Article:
The brothers Said and Yarg Salem were born into Mauritania’s inherent slavery. As the property of their master, they had no choice but to do as they were told. They spent their days toiling in the blazing sun and were frequently beaten. In 2011, Said managed to escape. With the assistance of his aunt and two local anti-slavery organizations, he pressed charges against his master, resulting in the rescue of his younger brother.
The two boys are now free and fight for justice. In January 2018, the African Union’s children’s rights committee ruled in the case of Said and Yarg Salem against Mauritania that the country’s authorities had failed to take adequate steps to prevent, investigate, prosecute, punish, and remedy the widespread practice of slavery, resulting in impunity.
Said and Yarg’s case is, unfortunately, representative of Mauritania’s current situation. In the African country, human trafficking is the third most important illegal business, after drug and weapon trafficking. Local human rights groups estimate that about 20 percent of the population lives in slavery.
Tradition of Slavery
For many years, Mauritania’s authorities denied that the country had a slavery problem, but in 2007, the government adopted the first law to criminalize traditional enslavement. Traditional slavery has been formally abolished in Mauritania only in 1981, as the world’s last country to do so.
The 2018 U.S. Department of State Trafficking in Persons Report placed Mauritania in the category of countries with the lowest record in fighting human trafficking. Mauritania was among the “countries whose governments do not fully meet the minimum standards and are not making significant efforts to do so.” However, the report recognized that the authorities had taken some steps to address the problem:
The government convicted three slaveholders; allocated increased funding to the Ministry of Social Affairs, Childhood, and Family to improve shelter and services trafficking victims could access; and Tadamoun, the government agency mandated to address poverty and the “vestiges of slavery,” continued efforts to reduce socio-economic inequality.
Despite these gains, the current situation of fighting all forms of slavery in Mauritania seems to cast more shadows than lights.
For example, authorities continue to prevent anti-slavery activists from operating in the country. Moreover, these activists face an increase in harassment. In August, two members of an anti-slavery organization were arbitrarily arrested in the capital Nouakchott, charged and then denied access to legal representation. Two years earlier, thirteen activists were sentenced to up to 15 years in prison for their alleged role in a riot.
According to a 2018 Human Rights Watch report, until last year, only two persons had been convicted for slavery.
Government agencies charged with combating trafficking of persons and slavery continue to lack the resources and personnel, even with Mauritania adopting a road map in 2014 to eradicate all forms of slavery.
Public Awareness and Misinformation
In this sense, authorities are making some efforts to raise public awareness through campaigns that delegitimize slavery, and they have worked with religious leaders and civil society to this end.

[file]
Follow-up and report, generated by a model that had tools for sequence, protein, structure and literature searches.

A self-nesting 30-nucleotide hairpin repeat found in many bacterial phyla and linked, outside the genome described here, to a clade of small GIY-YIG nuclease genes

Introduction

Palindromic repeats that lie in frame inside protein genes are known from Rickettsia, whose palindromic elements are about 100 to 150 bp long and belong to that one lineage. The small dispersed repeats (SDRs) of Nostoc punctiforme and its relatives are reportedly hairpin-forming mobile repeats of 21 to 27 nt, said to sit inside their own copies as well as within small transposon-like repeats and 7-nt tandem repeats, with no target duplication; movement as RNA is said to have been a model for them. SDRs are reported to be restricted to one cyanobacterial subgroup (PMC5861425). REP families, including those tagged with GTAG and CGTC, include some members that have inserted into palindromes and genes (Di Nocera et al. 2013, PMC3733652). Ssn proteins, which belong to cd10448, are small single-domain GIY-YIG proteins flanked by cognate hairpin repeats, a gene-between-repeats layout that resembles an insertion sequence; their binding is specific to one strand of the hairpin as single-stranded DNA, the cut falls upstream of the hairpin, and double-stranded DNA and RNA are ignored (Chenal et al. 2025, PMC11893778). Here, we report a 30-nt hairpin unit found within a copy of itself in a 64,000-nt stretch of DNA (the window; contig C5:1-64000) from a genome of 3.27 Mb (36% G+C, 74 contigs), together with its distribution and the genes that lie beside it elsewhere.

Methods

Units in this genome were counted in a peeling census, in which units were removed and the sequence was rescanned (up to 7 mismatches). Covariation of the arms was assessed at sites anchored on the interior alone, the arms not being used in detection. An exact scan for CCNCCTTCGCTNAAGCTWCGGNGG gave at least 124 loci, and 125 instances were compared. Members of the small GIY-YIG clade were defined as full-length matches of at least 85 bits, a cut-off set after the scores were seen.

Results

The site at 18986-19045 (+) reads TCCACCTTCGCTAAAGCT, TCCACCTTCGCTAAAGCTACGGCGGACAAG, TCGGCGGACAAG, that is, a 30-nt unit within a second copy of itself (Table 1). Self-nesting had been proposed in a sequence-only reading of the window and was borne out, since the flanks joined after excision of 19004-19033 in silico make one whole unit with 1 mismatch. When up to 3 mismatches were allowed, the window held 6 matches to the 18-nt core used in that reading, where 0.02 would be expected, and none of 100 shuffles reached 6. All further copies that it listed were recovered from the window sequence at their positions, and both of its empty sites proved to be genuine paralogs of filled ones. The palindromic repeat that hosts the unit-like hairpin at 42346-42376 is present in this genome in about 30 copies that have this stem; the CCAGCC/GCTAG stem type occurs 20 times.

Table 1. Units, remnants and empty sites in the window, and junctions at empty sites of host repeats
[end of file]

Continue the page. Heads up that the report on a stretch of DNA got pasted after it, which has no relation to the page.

The African Commission on Human and Peoples’ Rights certified this effort in 2016. Against this backdrop, Mauritania’s Ministry of Social Affairs, Childhood, and Family has been praised by the U.S. 2018 Trafficking in Persons Report for its effort to manage seven public day centers for the protection and social integration of children, which trafficking victims could access.
A cycle of slavery – Mbarka was born a slave in Mauritania because her mother was one. Today, as a free woman, she seeks a better future for her seven children.
— Thomson Reuters Foundation News (@TRF_Stories) March 1, 2019
Yet, the country’s road to defeat all forms of slavery is long and paved with obstacles. For example, many victims may not know or don’t want to admit that they are enslaved, either out of fear or ignorance. In addition, misinformation keeps slavery in Mauritania alive. Slave masters abuse victim’s faith, misleading them to believe that God wishes them to be a slave.
Finally, geographic isolation also contributes to the problem. Many enslaved Mauritanians live in rural desert areas, and the harsh surrounding environment leaves them with nowhere to go, even if they want to escape.
Fighting Slavery in Mauritania
Mauritanian authorities need to make more efforts to train authorities to identify trafficking and slavery victims and refer them to care, while also instituting measures to support victims during investigations, including easier access to legal assistance.
Moreover, the government should legally recognize eligible anti-trafficking NGOs, allow them to operate freely in the country, and cease harassment against anti-slavery activists.
Last but not least, the implementation of Mauritania’s 2014 anti-slavery road map and the U.N.’s regional strategy for West and Central Africa (2015-2020) to fight human trafficking will raise public awareness.
Only when the nation can understand and be aware of the issue, and when the government takes adequate steps to fight this problem, boys like Said and Yarg can rejoice in their childhood and grow up in a country free from slavery.Disclaimer: The views and opinions expressed here are those of the author and do not necessarily reflect the editorial position of The Globe Post.